Carter Cornell, Reika Bickel and Marissa Medina learn how blind people use their sense of touch to identify objects. Photo by C.J. Carnacchio.
It’s often said the best way to understand someone different from yourself is to walk a mile in their shoes.
But what if in order to do that you had to confine yourself to a wheelchair or use crutches or wear a blindfold?
Fourth-graders at Oxford Elementary spent Jan. 14 learning about various disabilities and participating in hands-on exercises that allowed them to experience first-hand what being handicapped feels like.
Sponsored by Oakland Schools, the “Disability Awareness Workshop” helps students develop “empathy” for the disabled be they classmates or relatives, according to Teacher Consultant Kristi Weinert.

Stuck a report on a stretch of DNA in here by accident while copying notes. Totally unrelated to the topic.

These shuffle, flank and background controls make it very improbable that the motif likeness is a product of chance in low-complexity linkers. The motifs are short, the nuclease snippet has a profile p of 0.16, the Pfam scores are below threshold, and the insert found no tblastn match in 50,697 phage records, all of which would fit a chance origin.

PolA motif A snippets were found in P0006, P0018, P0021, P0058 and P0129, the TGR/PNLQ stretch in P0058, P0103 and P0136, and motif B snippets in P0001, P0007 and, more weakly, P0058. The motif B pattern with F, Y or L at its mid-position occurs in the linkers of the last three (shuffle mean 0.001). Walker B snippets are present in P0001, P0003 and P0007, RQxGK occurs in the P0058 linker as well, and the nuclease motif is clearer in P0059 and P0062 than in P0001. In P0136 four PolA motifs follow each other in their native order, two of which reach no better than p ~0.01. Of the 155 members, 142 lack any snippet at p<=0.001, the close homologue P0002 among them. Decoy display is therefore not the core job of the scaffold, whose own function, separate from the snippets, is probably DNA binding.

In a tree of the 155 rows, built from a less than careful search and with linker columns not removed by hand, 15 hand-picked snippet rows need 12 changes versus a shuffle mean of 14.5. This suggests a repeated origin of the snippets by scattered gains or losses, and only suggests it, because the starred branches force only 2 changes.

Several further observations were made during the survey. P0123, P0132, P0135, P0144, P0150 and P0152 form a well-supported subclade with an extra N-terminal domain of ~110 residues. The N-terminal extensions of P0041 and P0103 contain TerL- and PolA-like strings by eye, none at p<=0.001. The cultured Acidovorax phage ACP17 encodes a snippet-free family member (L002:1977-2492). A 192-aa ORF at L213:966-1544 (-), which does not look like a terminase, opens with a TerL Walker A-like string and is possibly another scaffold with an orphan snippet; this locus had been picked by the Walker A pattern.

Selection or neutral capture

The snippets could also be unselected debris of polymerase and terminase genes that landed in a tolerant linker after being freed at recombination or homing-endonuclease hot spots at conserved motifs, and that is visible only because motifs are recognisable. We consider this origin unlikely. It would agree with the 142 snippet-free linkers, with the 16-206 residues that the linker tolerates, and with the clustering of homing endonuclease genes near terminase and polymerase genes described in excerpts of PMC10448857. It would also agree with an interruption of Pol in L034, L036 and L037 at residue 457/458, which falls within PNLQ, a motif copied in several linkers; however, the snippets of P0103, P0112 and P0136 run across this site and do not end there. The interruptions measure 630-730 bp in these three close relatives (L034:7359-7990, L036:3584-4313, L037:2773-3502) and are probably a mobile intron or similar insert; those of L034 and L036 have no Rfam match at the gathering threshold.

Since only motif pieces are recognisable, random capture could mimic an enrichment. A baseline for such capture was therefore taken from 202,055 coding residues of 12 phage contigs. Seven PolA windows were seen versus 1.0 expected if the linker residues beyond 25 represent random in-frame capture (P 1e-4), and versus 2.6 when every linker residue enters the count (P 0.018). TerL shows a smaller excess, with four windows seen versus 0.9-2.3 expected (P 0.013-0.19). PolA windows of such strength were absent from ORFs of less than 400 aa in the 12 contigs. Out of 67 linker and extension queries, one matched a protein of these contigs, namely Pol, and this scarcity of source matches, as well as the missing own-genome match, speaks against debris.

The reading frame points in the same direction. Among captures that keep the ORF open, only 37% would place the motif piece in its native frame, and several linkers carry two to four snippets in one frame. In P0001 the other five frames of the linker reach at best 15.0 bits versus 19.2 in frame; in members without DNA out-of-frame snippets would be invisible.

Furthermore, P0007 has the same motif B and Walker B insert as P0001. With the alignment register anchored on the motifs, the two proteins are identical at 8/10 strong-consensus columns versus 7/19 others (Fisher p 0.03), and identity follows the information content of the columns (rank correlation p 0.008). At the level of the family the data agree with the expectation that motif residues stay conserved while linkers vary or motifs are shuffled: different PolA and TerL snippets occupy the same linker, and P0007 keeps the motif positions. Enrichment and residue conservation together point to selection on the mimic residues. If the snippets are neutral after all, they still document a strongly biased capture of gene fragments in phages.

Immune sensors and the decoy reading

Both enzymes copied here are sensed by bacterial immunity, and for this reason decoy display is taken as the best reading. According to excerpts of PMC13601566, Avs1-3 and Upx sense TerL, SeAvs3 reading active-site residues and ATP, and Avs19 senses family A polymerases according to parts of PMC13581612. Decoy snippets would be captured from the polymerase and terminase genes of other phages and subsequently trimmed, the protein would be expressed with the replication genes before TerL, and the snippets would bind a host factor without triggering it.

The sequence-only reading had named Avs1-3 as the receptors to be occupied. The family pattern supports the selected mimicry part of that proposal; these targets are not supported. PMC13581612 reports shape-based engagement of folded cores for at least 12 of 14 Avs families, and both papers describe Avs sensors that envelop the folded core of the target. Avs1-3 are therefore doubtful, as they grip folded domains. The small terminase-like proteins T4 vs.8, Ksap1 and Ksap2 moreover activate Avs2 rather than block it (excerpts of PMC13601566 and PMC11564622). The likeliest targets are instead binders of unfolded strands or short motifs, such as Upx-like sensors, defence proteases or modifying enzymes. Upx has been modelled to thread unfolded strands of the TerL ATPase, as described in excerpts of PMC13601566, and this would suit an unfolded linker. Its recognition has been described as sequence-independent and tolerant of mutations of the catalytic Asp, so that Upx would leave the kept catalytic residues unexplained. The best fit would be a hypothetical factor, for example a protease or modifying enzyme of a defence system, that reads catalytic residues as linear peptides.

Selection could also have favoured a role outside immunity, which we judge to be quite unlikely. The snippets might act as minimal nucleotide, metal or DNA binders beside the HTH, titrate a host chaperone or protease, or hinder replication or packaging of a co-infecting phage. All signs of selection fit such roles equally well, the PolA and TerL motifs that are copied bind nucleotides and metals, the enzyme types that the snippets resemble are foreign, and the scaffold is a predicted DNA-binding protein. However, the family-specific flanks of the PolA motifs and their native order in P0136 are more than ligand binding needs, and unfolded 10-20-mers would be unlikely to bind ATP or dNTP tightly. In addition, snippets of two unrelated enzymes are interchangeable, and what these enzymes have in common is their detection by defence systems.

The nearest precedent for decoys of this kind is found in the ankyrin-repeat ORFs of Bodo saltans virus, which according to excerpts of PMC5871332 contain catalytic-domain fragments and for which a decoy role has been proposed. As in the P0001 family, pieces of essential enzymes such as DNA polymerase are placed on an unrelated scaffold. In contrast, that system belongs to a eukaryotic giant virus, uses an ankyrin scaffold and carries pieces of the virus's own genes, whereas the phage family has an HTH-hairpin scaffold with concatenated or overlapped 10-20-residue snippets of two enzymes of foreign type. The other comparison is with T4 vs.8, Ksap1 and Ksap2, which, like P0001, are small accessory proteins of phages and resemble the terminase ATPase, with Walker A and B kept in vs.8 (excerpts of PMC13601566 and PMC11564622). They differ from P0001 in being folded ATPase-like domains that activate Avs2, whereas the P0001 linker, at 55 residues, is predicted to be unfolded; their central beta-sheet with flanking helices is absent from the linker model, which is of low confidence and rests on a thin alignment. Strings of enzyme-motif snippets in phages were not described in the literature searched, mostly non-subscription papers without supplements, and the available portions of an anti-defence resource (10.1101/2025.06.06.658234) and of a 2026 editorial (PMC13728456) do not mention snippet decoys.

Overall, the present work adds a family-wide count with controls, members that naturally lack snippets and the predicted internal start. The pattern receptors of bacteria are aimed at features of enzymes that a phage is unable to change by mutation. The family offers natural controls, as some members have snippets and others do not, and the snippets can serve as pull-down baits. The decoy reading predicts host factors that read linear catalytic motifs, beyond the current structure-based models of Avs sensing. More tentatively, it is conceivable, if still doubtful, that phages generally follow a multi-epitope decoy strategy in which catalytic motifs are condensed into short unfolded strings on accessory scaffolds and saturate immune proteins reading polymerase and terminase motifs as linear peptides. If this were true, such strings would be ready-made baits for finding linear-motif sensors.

“The focus is on how they can help people who have disabilities” by allowing them to experience some of the same everyday challenges, she said.
Students learned about physical and learning disabilities and vision and hearing impairments.
Michael Fredricks learns what it’s like for a wheelchair-bound person to use the school’s drinking fountain. Photo by C.J. Carnacchio.
Oakland Schools provides all the equipment while a combination of parent volunteers, para-professionals and teachers conduct the workshop.
“It’s very eye-opening for the children and adults,” Weinert said.
This is the second year OES has participated in the workshop.